Plea date scheduled for alleged N.B. vigilante

·2 min read
Billy McGillicuddy faces six criminal charges, including possession of a weapon for the purpose of committing an offence, assault with a weapon, unlawful confinement and unlawfully pointing a firearm. (Billy McGillicuddy/Facebook - image credit)
Billy McGillicuddy faces six criminal charges, including possession of a weapon for the purpose of committing an offence, assault with a weapon, unlawful confinement and unlawfully pointing a firearm. (Billy McGillicuddy/Facebook - image credit)

A St. Croix man who allegedly took the law into his own hands in nearby McAdam is expected to enter a plea next month on six charges stemming from incidents on June 4.

Billy McGillicuddy, 41, appeared in Fredericton provincial court on Friday by telephone for what was scheduled to be a plea on the charges.

But Reid Chedore, his lawyer, asked the judge for an adjournment for more time to review discovery.

McGillicuddy is accused of possessing a weapon, a baseball bat, for the purpose of committing an offence, and with  assaulting Blake Scott with a weapon, a baseball bat.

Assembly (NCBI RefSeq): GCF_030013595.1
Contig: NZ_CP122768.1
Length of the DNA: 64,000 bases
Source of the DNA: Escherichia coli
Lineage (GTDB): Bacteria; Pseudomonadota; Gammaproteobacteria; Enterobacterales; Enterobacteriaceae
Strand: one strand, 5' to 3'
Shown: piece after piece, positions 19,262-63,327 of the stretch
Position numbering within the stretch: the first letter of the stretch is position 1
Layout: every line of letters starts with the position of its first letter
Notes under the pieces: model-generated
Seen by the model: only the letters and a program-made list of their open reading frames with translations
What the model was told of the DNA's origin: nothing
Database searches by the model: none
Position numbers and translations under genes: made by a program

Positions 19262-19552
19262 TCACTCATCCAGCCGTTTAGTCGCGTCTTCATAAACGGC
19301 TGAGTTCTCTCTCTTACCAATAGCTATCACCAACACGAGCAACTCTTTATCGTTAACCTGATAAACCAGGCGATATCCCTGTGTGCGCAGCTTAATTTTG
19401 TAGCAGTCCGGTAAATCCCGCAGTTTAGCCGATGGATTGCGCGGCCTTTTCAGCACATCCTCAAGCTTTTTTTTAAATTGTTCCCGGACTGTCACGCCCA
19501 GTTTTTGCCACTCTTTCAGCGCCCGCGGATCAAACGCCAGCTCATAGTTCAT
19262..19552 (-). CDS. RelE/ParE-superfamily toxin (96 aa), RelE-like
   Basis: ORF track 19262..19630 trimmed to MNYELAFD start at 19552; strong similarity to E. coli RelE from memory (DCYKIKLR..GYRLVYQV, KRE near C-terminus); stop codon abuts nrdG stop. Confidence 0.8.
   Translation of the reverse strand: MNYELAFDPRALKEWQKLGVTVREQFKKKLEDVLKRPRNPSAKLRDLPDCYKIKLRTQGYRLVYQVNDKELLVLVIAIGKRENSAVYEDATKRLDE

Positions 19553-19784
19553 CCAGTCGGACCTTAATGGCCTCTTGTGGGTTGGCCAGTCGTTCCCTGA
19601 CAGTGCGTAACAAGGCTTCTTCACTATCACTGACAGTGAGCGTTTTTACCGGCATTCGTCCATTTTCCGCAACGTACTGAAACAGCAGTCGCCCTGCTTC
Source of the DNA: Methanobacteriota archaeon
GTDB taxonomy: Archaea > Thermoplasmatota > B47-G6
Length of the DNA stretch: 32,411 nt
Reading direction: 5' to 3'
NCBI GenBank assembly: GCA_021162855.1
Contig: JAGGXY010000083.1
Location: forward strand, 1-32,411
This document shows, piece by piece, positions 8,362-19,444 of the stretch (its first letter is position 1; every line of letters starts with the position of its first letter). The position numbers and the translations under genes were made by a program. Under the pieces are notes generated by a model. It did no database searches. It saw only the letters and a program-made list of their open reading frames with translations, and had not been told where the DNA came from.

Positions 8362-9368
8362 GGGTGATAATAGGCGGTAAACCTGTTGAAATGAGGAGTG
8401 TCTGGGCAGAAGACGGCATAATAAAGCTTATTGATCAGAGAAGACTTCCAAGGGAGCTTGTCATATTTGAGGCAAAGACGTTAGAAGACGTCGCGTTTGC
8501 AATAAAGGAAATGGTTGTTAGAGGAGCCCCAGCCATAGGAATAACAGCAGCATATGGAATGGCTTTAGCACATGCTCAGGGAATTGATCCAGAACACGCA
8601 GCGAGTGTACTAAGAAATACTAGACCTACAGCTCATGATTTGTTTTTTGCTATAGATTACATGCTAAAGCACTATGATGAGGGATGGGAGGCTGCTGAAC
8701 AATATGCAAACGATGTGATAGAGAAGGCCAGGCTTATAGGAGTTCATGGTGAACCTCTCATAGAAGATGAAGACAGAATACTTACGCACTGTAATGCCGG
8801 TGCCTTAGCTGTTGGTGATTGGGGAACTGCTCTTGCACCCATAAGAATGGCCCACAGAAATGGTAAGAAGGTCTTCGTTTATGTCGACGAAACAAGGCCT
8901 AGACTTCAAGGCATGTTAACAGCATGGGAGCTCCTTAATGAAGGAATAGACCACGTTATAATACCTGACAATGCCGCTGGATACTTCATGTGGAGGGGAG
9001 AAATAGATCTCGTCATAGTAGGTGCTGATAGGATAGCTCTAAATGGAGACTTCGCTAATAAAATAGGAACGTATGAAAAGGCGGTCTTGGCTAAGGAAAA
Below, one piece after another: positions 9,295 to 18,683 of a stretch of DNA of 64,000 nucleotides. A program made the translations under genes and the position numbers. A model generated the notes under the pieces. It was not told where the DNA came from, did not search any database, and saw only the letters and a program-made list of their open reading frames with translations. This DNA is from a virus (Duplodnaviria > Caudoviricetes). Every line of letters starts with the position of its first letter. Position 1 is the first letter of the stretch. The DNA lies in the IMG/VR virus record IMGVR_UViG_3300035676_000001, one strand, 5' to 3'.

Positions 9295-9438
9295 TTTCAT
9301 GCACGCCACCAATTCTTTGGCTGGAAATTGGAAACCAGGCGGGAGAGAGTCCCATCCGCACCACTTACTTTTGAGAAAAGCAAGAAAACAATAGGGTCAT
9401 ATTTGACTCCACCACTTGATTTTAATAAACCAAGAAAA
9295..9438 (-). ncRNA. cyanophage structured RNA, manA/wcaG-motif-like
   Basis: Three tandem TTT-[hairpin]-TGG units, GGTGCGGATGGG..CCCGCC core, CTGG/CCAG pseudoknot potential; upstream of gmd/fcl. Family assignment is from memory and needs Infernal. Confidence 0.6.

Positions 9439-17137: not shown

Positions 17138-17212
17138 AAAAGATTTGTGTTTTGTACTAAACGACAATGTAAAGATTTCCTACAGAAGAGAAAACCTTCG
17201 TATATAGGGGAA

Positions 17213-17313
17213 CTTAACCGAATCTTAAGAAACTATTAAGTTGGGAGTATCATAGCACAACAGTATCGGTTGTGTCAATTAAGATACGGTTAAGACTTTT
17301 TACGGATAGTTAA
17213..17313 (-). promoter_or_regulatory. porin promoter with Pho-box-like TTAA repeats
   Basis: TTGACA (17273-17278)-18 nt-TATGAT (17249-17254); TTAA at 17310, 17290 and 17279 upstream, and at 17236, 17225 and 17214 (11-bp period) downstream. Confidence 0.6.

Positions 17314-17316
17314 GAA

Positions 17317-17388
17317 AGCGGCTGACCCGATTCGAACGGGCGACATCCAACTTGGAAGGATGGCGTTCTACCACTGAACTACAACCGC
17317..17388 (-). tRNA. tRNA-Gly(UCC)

He's also accused of assaulting Scott with a weapon, a chair, unlawfully confining him, pointing a sawed-off shotgun at him, and possessing a sawed-off shotgun for the purpose of committing an offence.

All the charges stem from incidents that occurred in McAdam, about 10 kilometres east of St. Croix, on June 4.

The court agreed to have McGillicuddy appear again the morning of July 14.

Chedore declined to comment on the case on Friday.

Community rallies around accused

McGillicuddy was in court last week for a bail hearing, where Judge Mary Jane Richards ultimately rejected his application.

He remains in custody in Saint John.

About 50 people showed up for his first bail hearing date last Thursday to show support for him outside the courthouse, including McAdam Mayor Ken Stannix.

Stannix at the time said community members were fed up with reoccurring property crimes, adding he wanted to support "the individuals who allegedly took the law into their own hands."

Another person had been arrested but was released without being charged.

Ed Hunter/CBC
Ed Hunter/CBC

About 20 people showed up outside the courthouse on Friday, with some wearing shirts with "#JUSTICEFORBILLY" printed on them.

Last Thursday, the New Brunswick RCMP issued a statement people not to commit acts of vigilantism.

"Anyone involved in vigilante activities risk facing arrest and legal proceedings themselves," the RCMP said.

"Taking police matters into your own hands, or condoning those who do, is irresponsible and reckless."

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